Brave adds Tor to reinvent anonymous browsing

The Brave privacy browser has added another feature to bolster its blossoming anti-surveillance credentials – the ability to use the Tor anonymity system by launching a tab.

Called Private Tabs with Tor (beta version 0.23), launching a session involves clicking on the Private Tab with Tor option from a drop-down list.

Naked Security has covered the inner workings of Tor (The Onion Router) in previous articles, but the privacy benefit of using it is summed up quite nicely in the Brave announcement:

Private Tabs with Tor help protect Brave users from Internet Service Providers, guest Wi-Fi providers, and visited sites that may be watching their internet connection or even tracking and collecting IP addresses, a device’s internet identifier.

Browsers already offer so-called incognito modes, but these offer limited privacy. Sessions are isolated from those opened by the main browser and ostensibly leave no traces of your browsing habits on your computer (although not everyone agrees this is strictly true).

What incognito mode doesn’t do is hide browsing from ISPs, which typically will keep a record of the websites visited from a given IP address.

As Google itself notes:

Going incognito doesn’t hide your browsing from your employer, your internet service provider or the websites that you visit.

Tor is a major step up from this because it blocks the ISP from tracking which websites someone is visiting, and hides a visitor’s true IP address and country of origin from the website they visit (as long as the user doesn’t log into them).

Using Tor comes with downsides, however. The most-often cited is that it can be slower than using a conventional browser, partly because of limited relay capacity which Brave has said it plans to contribute to. Brave also warns that some sites might not work correctly, or demand users prove they are not bots by throwing up annoying reCAPTCHA screens.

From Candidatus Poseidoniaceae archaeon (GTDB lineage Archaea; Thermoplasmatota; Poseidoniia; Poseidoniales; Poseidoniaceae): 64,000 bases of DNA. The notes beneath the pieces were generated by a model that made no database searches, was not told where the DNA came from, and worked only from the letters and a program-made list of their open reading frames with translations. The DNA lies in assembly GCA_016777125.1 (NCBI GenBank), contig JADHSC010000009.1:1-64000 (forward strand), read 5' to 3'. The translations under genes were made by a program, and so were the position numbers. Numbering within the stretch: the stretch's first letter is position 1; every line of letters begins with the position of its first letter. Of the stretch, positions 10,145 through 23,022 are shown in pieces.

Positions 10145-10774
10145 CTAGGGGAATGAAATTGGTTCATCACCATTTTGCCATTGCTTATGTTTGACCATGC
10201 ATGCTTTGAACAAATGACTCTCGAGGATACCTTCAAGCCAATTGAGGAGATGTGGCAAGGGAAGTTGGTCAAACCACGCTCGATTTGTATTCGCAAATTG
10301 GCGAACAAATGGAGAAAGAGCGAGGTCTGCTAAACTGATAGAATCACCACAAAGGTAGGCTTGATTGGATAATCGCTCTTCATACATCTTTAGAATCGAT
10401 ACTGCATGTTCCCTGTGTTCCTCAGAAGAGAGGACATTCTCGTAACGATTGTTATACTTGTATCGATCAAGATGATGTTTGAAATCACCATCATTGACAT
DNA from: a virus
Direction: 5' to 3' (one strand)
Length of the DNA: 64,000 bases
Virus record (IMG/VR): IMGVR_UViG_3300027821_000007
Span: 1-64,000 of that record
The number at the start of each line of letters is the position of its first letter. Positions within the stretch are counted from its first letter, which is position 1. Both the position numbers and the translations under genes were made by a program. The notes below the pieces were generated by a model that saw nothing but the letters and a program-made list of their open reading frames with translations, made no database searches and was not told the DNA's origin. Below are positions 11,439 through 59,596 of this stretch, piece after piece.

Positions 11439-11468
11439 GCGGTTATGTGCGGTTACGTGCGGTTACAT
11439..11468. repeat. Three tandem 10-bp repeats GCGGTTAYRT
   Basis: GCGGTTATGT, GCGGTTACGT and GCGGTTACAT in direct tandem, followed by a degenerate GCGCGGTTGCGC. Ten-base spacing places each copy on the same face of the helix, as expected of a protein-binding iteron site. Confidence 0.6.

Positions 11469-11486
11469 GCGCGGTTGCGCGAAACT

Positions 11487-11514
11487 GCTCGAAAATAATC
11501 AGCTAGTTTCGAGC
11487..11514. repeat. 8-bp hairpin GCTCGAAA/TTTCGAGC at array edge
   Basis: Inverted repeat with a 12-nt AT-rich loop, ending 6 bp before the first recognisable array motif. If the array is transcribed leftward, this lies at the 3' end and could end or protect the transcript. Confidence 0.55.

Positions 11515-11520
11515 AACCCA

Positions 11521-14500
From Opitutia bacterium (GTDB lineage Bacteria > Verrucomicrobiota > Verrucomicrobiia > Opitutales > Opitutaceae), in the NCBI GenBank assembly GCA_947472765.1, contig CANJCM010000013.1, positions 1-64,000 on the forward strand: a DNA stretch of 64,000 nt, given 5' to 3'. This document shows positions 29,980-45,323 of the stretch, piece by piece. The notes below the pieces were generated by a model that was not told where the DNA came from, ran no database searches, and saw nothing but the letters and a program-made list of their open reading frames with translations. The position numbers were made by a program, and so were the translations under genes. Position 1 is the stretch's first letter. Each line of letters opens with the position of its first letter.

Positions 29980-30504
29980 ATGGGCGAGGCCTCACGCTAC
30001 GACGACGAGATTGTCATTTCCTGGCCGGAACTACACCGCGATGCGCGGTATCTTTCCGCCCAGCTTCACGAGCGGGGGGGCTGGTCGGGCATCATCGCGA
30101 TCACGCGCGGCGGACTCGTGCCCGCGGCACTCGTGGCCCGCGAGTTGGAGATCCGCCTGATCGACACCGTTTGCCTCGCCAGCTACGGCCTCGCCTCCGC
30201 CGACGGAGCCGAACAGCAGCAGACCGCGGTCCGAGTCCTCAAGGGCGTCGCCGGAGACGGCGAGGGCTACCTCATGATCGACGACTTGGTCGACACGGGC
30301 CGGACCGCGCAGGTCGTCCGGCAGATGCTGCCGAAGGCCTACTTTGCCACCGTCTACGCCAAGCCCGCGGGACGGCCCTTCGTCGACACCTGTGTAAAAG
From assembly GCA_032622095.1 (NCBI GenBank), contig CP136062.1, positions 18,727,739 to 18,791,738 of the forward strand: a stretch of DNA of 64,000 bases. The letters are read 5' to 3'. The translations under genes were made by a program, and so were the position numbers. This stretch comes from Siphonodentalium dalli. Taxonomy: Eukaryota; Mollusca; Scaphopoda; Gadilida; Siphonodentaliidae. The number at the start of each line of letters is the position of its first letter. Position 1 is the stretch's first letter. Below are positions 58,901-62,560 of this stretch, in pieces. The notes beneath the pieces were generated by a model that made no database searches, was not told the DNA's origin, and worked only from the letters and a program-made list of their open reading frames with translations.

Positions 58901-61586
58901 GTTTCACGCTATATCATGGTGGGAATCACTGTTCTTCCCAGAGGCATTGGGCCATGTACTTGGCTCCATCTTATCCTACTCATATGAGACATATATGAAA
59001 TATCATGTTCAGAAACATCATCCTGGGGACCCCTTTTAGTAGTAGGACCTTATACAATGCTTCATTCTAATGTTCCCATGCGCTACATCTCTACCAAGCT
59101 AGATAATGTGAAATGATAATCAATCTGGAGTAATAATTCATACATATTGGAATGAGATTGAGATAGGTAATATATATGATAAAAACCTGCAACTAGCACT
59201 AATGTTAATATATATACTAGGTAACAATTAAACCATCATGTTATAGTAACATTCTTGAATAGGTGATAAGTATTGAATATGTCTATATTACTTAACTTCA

A good idea?

Integrating Tor sounds hard to argue against, but as with so many aspects of privacy there are different views.

The argument in favour is that integrating Tor is a shortcut to making it more popular – if you suddenly think you need the privacy afforded by Tor, it’s there at the launch of a tab. You could always download and launch the dedicated Tor browser instead but that would mean using a second application, which is possibly why lots of people don’t bother (assuming they’ve even heard of it).

The counter view is that privacy of the sort offered by Tor is best served by being very careful. If you think you need Tor, use its dedicated browser because that way you’ll know that everything you do inside it is being anonymised. Launching a Tor tab within Brave raises the risk of making a mistake and accidentally switching to one that turns out not to be routing traffic via Tor.

Interestingly, Firefox is also developing a Tor integration through something called Project Fusion, the end objective of which seems to be to replace the Firefox-derived Tor browser with a new super-private mode in Firefox itself. Tor for Firefox users could appear in a stable version not far behind the first release version of the Chromium-based Brave, itself still in beta.

On that note, before rushing out to try Brave, bear this beta status in mind. This might affect its stability but also the privacy it offers at this stage. As Brave says:

For users who currently require leakproof privacy, we recommend using the Tor Browser, which provides much stronger and well-tested protection against websites or eavesdroppers using advanced techniques to uncover a true IP address.